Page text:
The river journey down the Amazon into Peru sounds romantic – but it is also uncomfortable and tough. If you don’t like discomfort, dirty hotel rooms, stress, uncertainty, cramped spaces, or travelling by water, then I would recommend taking the plane. The journey is rewarding but you need to be prepared for it!

Floating houses on the Amazon in Iquitos

Floating houses on the Amazon in Iquitos

What to do

In Leticia/Santa Rosa, there isn’t a huge amount to do, but the surrounding area is, of course, a rainforest so there is plenty of wildlife to see. We did jungle tours in both Leticia and Iquitos, and I definitely preferred the one in Peru. Avoid opportunistic locals selling you ‘tours’ – this may turn out to be a bloke hiring a ferry for two hours and overcharging you for a trip down the river. I would recommend either booking a reputable tour company for a river cruise or jungle walk, or possibly paying one of the ferry drivers direct for an hour or two at sunset, which is the best time to see the river dolphins.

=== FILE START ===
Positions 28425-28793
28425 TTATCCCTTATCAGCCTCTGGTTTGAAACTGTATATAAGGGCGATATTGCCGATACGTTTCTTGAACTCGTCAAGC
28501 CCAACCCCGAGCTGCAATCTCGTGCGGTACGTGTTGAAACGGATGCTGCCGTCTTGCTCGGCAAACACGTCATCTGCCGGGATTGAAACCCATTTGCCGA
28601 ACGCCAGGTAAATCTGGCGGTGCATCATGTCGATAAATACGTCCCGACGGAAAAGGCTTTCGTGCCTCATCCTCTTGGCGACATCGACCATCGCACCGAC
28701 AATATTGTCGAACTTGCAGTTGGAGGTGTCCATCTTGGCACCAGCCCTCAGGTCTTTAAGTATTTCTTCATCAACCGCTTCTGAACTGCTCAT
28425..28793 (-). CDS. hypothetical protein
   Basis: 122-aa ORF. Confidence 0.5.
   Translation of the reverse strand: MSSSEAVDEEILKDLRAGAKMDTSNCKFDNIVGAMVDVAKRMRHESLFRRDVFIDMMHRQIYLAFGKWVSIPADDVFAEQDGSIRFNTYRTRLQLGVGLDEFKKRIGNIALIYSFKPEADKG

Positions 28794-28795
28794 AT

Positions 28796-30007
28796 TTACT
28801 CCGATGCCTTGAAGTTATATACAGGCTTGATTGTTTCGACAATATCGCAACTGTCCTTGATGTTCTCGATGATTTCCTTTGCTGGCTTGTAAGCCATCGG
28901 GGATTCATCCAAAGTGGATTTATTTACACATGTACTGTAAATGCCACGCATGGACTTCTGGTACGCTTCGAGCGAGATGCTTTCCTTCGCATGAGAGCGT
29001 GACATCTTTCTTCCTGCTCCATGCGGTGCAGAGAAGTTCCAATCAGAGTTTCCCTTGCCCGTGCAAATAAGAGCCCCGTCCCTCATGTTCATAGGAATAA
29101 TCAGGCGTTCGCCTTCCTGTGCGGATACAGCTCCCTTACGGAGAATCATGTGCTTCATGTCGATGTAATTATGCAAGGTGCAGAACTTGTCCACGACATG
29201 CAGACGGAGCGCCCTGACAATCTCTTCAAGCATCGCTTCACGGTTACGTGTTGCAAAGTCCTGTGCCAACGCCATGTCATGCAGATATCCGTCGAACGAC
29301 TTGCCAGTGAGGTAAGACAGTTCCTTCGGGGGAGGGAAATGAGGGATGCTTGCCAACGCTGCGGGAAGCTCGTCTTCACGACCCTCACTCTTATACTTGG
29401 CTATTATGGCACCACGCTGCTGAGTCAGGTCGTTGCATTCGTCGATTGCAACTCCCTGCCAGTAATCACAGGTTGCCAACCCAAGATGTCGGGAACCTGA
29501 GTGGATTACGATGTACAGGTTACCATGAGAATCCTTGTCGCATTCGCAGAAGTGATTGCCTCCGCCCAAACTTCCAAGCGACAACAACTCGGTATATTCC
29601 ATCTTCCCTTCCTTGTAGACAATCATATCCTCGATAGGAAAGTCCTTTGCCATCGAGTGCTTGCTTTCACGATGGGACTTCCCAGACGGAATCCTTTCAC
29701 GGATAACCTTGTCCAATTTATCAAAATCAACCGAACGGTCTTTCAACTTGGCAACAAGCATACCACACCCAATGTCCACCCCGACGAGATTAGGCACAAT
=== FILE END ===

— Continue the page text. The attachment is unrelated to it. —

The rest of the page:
In Iquitos there is a lot more to do, it is a bigger town with hotels, bars and restaurants to explore and a strong backpacker community. While here you could try an Ayahuasca retreat, a jungle tour (or a few nights in a jungle lodge), visit the zoo at Quistococha, or check out the floating market at Belen. There’s plenty to do so it’s worth staying a few days.

Cappucin monkey in the Amazon

More Info

(Please note that these pages aren’t fully up to date):

Leticia – Wiki Travel and Lonely Planet.

Iquitos – Wiki Travel and Lonely Planet.

NB – If you have taken this journey, or a similar one yourself, please comment here to add any information I might have missed, or any updates to times/prices etc. You could really help out some future travellers. 

About Emily

Emily Luxton is an award-winning travel blogger and writer with a special love for South America - her favourite continent and second home. A lover of slow, deep travel and really interacting with new cultures, she travels as often as possible on the hunt for new adventures.

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  1. Pingback: Five More Things to do in The Amazon | Backpack South America